All issues pointed above influence the interpretation of the second amendment. One of the possible contextual aspects of the second amendment is that the forefathers intended the constitution for collective and individual rights, but never the latter at the expense of the former. In fact, collective rights take precedence over individual rights (Konig 119). In this regard, the ‘militia’ aspect of the second amendment, Eitches (5) argues, implies more a response to a possible intrusive action by the government as a consequence of standing armies. On another note, according to a Pew Research investigation, 57 percent, majority, of Americans are in favor of stricter gun control laws (Gramlich 1). Secondly, the forefathers could certainly not have foreseen people turning guns on innocent neighbors, children, and worshipers, and using the second amendment to protect themselves. Finally, the failure to address gun ownership controversy created inevitable problems; the Heller case is one example of erroneous decisions.

The Second Amendment provision on gun laws was established by putting into consideration the possibility of future challenges of Constitutional interpretation. As such, the Supreme Court has been allowed the power of the interpretation of the law in cases where challenges have arisen. Moreover, this is why in the article V of the constitution, the forefathers provided for amendments to the Constitution by Congress. The forms and limits of these amendments are certainly issues worthy of debate (Colón-Ríos 576). But, the efforts to amend and interpret gun laws have remained fruitless: PLAGIARIZED SAMPLE-ORDER YOUR PAPER NOW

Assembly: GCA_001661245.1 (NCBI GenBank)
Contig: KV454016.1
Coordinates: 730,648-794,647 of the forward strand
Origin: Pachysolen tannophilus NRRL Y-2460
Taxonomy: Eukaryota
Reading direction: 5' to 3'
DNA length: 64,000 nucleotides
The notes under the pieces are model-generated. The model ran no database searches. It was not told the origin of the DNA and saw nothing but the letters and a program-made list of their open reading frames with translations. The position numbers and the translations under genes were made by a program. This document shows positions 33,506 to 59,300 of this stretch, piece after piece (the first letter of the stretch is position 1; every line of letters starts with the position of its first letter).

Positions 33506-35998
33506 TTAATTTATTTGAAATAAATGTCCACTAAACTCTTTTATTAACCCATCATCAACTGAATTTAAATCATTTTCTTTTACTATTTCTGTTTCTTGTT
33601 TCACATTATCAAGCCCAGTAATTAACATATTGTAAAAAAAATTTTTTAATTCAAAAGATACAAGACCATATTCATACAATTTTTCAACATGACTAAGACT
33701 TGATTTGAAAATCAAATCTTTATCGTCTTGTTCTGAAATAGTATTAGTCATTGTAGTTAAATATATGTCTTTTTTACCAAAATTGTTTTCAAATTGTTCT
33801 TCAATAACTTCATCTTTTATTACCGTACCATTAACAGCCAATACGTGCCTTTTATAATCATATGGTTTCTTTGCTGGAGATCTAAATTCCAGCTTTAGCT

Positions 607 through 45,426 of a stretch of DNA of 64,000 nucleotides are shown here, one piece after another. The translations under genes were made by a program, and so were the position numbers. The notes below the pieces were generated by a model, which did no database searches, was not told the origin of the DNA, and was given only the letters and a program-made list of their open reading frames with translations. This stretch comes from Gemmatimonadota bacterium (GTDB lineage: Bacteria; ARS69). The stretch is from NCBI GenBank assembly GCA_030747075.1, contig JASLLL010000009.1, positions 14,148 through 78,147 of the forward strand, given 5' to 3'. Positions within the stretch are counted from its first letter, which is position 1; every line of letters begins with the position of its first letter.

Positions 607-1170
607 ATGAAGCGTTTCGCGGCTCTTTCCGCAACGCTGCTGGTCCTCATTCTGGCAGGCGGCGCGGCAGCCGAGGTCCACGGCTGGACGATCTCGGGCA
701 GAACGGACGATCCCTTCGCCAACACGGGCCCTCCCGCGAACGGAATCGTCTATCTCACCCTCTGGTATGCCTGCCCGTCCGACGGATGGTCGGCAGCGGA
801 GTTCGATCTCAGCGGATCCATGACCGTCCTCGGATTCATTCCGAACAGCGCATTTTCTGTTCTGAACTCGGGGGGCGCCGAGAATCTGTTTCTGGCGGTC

Importantly, gun control propositions have kept in line with the original interpretation of the constitution – that should be constitutional even to conservatives, although seemingly not. In this regard, gun control still respects the said right to own guns. However, its primary goal is to ensure that it reduces the risk that gun rights pose upon the rights of others to security and safe living. Instead, gun control focuses on the distinction between the roles of guns, self-defense, and the danger that they pose if weapons, especially certain types of firearms are easily accessible to certain types of individuals including teenagers and those with a history of mental illness or crime (La Valle 2).